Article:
Tuesday, May 28, 2013

You'll never know what you'll find

When I visit my daughter in "Cabbage Town in Atlanta, we always take these wonderful walks. I don't know how the name originated but it's a very old part of Atlanta and in the process of being gentrified. Her neighborhood brings back memories of my growing up years; I lived in a neighborhood, just a neighborhood, real sidewalks on both sides of the street, no Home Owner's Association, houses close together so you could keep an eye out for your neighbor friends. It's kind of like that where she lives.
 As we walked around, we saw some wonderful and interesting yard art.
 I've always loved yard art, but not the conventional kind.  I like to scour Goodwill and the flea markets
 This was a bit over the top, but really fun to stop and read.
 I loved this metallic sculpture...
and the old hula hoop...
 a red torso with arms and legs growing out of the ground.
 I love the sculptures on top of the slate columns and the rusted iron works.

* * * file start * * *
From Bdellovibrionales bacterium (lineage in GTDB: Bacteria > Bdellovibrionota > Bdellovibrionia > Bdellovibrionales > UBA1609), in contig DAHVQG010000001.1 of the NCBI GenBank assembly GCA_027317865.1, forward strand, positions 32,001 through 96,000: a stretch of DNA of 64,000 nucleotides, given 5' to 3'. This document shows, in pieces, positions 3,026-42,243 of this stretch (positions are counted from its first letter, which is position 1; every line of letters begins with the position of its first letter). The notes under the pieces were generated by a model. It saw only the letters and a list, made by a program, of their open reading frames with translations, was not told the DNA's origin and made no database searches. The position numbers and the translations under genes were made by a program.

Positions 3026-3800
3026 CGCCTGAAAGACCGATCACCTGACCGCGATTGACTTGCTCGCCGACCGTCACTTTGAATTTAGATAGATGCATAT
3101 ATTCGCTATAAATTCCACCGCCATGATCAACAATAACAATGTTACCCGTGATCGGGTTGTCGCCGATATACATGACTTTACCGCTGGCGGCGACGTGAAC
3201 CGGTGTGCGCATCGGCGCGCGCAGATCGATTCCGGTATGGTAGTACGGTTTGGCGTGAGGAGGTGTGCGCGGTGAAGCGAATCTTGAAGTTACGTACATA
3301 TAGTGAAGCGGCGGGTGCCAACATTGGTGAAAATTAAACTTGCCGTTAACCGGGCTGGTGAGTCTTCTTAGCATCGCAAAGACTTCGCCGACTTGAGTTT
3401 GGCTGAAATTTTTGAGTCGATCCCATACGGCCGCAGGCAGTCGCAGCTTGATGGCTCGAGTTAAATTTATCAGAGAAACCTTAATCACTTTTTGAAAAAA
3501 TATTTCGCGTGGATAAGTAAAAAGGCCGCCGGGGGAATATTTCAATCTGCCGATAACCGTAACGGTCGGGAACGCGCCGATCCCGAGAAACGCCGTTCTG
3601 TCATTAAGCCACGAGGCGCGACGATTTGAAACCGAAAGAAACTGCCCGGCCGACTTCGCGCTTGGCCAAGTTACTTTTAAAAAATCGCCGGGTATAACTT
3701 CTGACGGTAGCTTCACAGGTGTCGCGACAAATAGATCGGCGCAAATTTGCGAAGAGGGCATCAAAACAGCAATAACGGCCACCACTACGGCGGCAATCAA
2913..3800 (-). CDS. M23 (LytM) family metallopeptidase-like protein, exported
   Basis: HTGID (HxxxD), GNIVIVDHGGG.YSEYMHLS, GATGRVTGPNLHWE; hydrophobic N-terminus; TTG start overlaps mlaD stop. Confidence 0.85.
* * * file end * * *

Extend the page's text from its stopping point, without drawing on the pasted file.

This old sign on one of the buildings was one of my favorites - the site of the old neighborhood grocery.
 But this wonderful tree was my absolute favorite. I scanned the picture into Photoshop
and using a filter, made it into a "photocopy" which I'll now make into a silkscreen.
Til next time....

Sunday, May 26, 2013

Thank You for Serving

In honor of our country's true heros who serve our country with honor and so selflessly, thank you. My uncles, dad, granddads were all in the various branches of the armed forces.  Until the day they died, that part of their life remained a time of pride.  If they were here today, I would hug them and tell them thanks.
 My Uncle Ted Sandell.
 My dad - Ed Sandell - first row, last on left.